I believe it was the German Orff teacher Wilhelm Keller who said something to the effect of:
“ The best teacher becomes progressively unnecessary.”
The aim of education is to pass on the necessary lore of the culture, the vital skills, the defining visions. If you structure your classes in such a way that the students are constantly asked to re-create the information in their own way of understanding and doing and creating, then you endow them with the power of becoming increasingly independent. Like the chicks in the nest, they gain confidence and strength and the necessary things to launch them out of the nest and fly on their own. That’s Nature’s way and that’s human culture. Charlie Parker and Dizzy Gillespie took Miles Davis under their wing, then Miles in turn took John Coltrane and Coltrane in turn took McCoy Tyner and so it goes on.
In my beginning 3-year old classes, I’ll ask each child’s name in turn and show a way to clap or pat the rhythm. After about five or six kids, I’ll ask the next one, “Can you think of a way to play the rhythm of your own name?” If not, I’ll happily do it or let another child volunteer to do it. It just means they’re not ready yet to figure it out without me—but I know they will be soon. Likewise, I can conduct a singing time and initiate a song with a breath and then ask the group if they together can take the initiating breath or one child come up front to be the conductor. Much further down the path, 8th grade to be exact, I might play a recording of a jazz tune, ask the kids to figure out the melody and supporting parts and put it all into a simple form and leave the room for 20 minutes. A risky experiment that must be carefully prepared, but when it works, imagine the excitement as the kids take on that responsibility and the pride in how much they were able to accomplish without me.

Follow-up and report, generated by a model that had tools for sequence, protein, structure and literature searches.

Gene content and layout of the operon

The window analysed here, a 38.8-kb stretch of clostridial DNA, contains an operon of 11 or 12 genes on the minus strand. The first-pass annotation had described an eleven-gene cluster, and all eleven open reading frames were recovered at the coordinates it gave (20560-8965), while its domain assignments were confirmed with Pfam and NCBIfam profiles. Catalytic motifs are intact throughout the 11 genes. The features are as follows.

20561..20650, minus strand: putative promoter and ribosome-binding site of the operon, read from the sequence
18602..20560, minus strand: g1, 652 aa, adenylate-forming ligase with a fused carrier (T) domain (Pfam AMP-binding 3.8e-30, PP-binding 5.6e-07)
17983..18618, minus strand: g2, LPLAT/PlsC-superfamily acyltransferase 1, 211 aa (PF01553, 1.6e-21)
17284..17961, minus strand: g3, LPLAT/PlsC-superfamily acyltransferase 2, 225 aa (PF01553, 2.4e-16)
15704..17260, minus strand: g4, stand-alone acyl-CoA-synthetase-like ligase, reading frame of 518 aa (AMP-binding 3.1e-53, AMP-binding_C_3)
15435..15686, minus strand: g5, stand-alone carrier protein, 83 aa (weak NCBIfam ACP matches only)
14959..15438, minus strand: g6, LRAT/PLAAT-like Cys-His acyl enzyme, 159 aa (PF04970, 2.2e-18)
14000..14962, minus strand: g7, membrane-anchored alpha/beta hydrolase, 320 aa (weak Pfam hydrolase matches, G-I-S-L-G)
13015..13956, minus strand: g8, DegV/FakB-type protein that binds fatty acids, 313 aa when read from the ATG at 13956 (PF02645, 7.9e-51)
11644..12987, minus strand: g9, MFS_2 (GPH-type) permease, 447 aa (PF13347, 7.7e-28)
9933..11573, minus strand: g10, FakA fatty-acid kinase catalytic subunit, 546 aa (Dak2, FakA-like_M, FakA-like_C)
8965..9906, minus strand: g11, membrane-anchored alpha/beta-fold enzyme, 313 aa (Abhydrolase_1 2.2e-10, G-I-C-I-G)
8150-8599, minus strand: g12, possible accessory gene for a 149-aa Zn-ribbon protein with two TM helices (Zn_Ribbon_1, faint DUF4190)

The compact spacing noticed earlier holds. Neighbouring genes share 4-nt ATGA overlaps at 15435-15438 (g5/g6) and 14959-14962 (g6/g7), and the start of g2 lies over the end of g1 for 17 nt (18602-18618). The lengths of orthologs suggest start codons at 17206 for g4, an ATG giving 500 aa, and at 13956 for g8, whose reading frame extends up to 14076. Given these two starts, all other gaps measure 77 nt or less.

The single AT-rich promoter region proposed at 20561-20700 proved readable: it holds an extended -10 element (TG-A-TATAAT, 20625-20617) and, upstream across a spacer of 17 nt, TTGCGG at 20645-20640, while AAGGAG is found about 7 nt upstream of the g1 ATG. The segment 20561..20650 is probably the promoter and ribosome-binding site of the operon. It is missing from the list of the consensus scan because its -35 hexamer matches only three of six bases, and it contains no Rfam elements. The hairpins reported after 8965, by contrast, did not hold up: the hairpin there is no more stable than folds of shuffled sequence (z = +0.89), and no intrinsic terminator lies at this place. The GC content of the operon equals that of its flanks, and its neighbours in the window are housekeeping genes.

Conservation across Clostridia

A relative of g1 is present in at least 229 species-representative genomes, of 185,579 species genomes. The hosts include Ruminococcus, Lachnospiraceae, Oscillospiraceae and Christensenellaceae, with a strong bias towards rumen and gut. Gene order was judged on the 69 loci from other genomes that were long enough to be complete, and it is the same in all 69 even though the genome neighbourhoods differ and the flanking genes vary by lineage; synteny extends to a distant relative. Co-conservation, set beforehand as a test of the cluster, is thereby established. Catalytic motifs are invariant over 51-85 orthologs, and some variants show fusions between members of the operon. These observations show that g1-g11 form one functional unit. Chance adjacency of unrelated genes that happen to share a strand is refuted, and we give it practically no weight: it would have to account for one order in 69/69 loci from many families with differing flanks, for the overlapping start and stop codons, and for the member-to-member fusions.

The goal is progressive independence and it simply is the story of how we evolve. From the first tentative toddler steps away from the mother to the first trip alone to the grocery store to the first time driving alone to the parents dropping the kid off at college to renting the first apartment (“Dad, can you believe I have to pay money for water and gas?!!!)
So my colleague Sofia wrote to me about the opening day ceremony of school yesterday, one of the first that the teachers did without me. It’s one of my babies, an idea and structure that I initiated many years ago that many contributed to, but I continued to oversee and emcee various parts. Her report:
“Fabulous opening session! Teachers happy, children happy, strong presence of the interns. Eugene did a great job with the water ceremony and so did Laura. Talia (my daughter) represented you so well in the teacher meeting afterward…”
How did this make me feel? 99% fantastic! As I knew they could, they all carried on fine without me. My work in crafting these ceremonies and make them an indelible part of school life that others will continue when I am gone achieved its purpose. I have become unnecessary. Isn’t that great?
Well, yes. But I’d be less than honest if I didn’t confess the 1% “Dang! I have become unnecessary!” It’s not healthy for anyone to hang on to being in the spotlight, to keep people dependent on you so you can feed your false identity, to resist passing on the baton and wanting to do all four legs of the relay yourself. To become unnecessary in the right way is a glorious victory indeed. Hooray!!!
But I’m still coming back there to teach on Tuesday!